It’s been exactly nine months since we last saw the New Zealand team in whites. In March earlier this year, Kane Williamson’s side lifted the trophy in Christchurch after beating the then No. 1 Indians 2-0 in the Test series. Now, in December, as the cricketing world adapts to the new normal, Test cricket is back in New Zealand after a round of T20Is last week, against West Indies.
The format switch shouldn’t be too big a deal for either team playing tomorrow – only three of the players from the New Zealand T20 group are part of the Test squad, while only two West Indies players feature in both the T20I and Test sides.
Just six Tests have been played – across two series, involving three teams – in the last eight months, and West Indies have been part of three of those. That’s relatively good prep in these circumstances, although several New Zealand players featured in four rounds of the domestic Plunket Shield recently and both New Zealand and West Indies have played two warm-up games on the sidelines of the T20I series. West Indies were exceptional with the bat in both games – there were three half-centuries, one century, and a double-century against the second-string New Zealand side.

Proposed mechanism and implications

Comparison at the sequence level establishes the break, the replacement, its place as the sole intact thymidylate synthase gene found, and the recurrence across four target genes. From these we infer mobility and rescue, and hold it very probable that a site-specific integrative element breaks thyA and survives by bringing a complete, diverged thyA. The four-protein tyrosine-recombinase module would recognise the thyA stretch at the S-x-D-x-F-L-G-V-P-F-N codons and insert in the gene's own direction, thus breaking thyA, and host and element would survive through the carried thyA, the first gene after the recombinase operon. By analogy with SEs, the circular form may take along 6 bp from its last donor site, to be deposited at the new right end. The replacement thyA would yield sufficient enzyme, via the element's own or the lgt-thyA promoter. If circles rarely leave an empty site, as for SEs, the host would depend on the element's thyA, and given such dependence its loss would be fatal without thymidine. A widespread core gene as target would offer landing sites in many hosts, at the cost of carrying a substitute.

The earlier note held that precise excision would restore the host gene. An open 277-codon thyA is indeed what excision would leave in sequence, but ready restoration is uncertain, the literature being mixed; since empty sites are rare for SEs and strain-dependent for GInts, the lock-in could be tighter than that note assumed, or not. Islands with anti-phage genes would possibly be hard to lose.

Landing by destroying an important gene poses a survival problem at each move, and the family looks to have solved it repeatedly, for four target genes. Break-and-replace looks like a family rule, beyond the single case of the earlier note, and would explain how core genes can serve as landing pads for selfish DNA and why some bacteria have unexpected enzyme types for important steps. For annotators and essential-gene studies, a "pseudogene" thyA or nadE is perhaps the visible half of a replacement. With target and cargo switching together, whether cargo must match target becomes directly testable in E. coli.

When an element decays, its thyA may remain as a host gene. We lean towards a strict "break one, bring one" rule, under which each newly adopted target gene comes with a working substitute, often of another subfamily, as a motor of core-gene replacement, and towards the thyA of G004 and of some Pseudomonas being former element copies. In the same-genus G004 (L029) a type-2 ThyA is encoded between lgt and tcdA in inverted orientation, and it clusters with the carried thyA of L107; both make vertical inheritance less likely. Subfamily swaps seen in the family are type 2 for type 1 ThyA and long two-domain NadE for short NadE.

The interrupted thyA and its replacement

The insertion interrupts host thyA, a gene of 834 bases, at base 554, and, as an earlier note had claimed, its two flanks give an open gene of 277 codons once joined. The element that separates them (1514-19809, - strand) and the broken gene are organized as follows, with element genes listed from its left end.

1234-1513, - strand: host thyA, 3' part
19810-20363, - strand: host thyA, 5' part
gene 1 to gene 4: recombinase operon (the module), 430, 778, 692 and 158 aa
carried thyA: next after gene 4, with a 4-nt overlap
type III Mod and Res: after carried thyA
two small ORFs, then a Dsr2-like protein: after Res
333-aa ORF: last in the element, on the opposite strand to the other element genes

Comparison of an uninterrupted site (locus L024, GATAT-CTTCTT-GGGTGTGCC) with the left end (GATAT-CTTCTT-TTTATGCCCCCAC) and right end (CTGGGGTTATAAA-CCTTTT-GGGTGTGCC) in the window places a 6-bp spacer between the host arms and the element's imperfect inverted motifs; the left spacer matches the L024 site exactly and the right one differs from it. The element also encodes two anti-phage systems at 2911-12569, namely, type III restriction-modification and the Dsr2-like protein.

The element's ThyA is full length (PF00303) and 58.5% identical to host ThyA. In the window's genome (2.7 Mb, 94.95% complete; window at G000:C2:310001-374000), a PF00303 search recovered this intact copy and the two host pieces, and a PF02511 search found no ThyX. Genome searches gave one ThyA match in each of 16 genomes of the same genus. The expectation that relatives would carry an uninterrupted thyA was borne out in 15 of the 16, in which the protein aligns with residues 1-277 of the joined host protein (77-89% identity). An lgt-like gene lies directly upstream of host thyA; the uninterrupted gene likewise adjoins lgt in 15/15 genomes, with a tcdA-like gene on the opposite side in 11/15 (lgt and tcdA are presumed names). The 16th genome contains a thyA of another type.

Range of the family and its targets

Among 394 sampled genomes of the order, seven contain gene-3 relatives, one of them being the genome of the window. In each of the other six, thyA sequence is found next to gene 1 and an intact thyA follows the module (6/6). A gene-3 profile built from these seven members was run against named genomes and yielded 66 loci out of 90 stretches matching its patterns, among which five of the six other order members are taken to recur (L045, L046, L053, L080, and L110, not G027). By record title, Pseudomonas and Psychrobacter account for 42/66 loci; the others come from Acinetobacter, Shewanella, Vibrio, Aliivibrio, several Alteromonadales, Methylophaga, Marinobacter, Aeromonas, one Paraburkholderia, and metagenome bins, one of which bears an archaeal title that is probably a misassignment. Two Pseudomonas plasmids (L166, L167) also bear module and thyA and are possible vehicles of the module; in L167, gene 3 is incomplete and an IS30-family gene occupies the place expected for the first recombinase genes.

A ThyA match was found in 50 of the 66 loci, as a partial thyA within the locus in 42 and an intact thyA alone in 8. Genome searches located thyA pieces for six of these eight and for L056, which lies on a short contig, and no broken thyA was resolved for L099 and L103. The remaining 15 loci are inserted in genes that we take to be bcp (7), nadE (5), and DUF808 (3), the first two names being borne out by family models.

In July, West Indies went 1-0 up for the first time in England since 2000. In the last 21 years – since December 1999 – they haven’t won a Test match in New Zealand, losing eight and drawing four. The last time they toured New Zealand, it was Trent Boult and Neil Wagner wreaking havoc, and it might not be too different this time around, at least in terms of pace calling the shots. West Indies have their enforcers too – Shannon Gabriel, who bowled a match-winning spell in Southampton, and Kemar Roach, who toiled endlessly throughout the England series, as the main men. They also have all the preparation they could have asked for – more time in the middle than their opponents, in-form batsmen, and a well-rounded bowling attack.
From the point of view of the World Test Championship, the series is a big one for New Zealand, who are currently fourth in terms of percentage points won. A series win could see them displace England at No. 3, while West Indies, who are currently third from bottom, could move up if the results go their way.
Last five completed matches, most recent first
New Zealand: WWLLL
West Indies: LLWWL
In the spotlight